China faces many obstacles to implementing criminal justice reform. First among those obstacles is the size of the country. China is home to more than 1.3 billion people, but has fewer than 150,000 lawyers. Their present legal system is 30 years old, and is continuing to evolve. China does provide the right to counsel, but only for certain types of cases: death penalty offenses, juvenile crime, and cases in which the accused is blind, deaf, or mute. All other cases only receive counsel if the court decides to make a discretionary appointment, and if there is an attorney available.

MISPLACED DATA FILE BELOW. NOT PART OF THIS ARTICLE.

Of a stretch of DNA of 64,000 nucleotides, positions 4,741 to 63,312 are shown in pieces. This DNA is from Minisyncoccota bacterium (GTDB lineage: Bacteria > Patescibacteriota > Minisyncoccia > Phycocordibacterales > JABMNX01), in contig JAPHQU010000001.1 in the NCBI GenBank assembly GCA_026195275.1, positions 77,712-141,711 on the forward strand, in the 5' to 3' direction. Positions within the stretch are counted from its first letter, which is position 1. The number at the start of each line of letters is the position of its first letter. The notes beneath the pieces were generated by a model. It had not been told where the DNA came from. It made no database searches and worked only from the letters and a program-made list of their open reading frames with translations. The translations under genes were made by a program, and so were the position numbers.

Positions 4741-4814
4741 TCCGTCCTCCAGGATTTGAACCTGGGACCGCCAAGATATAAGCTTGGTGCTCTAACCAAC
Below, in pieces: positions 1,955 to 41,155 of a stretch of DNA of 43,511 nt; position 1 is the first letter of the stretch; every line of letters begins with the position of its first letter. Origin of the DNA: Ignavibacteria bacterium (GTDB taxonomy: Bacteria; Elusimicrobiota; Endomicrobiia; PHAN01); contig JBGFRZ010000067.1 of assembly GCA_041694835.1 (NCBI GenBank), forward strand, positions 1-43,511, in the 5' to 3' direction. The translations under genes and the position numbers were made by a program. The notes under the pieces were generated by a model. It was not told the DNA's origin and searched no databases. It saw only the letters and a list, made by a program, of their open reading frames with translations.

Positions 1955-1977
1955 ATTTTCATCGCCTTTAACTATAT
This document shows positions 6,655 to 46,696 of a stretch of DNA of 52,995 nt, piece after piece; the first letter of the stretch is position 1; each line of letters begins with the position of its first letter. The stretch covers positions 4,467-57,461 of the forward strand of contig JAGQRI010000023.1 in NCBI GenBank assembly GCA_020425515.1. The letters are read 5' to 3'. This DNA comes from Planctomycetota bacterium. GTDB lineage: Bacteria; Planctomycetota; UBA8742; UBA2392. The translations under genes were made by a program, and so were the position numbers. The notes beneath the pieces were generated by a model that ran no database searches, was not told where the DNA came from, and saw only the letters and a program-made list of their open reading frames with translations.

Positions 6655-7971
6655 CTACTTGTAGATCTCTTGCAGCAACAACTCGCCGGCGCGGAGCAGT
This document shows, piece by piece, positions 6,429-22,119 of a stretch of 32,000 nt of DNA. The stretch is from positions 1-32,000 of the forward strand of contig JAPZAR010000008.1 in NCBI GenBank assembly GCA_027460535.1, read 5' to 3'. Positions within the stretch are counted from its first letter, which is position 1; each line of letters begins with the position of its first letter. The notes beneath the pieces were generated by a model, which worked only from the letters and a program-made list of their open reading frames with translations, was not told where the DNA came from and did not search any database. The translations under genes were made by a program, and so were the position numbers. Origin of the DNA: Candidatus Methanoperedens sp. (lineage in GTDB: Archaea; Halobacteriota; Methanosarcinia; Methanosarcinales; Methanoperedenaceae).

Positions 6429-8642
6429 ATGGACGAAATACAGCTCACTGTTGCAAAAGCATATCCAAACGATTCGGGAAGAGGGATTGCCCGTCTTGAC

Even if an attorney is appointed, it is an uphill battle to obtain justice for the client. There are three distinct phases of a criminal prosecution in China: the investigation stage (in which the police have control of the case), the prosecution stage (in which the prosecutor has control of the case), and the trial stage. Attorneys are most frequently appointed only at the trial stage, often just a few days before the trial begins. There are about 5000 full time legal aid attorneys, not nearly enough to represent all those charged with crimes. If the case is sent to a private attorney, the amount paid to the attorney may not cover the actual costs the attorney will incur. If the attorney becomes too aggressive in investigating the case, there is a distinct possibility the attorney may be prosecuted for interfering with the case. When the case goes to trial, witnesses will rarely appear, there are no rules of evidence that apply and only a very general statutory authority defining what evidence is allowable. Although the number of attorneys in China is increasing, the percentage of indigent defendants that receive legal representation appears to be decreasing. The most recent statistics available (reliable statistics about Chinese criminal justice information are difficult to obtain) indicate that only slightly more than 9% of those accused of a crime receive counsel.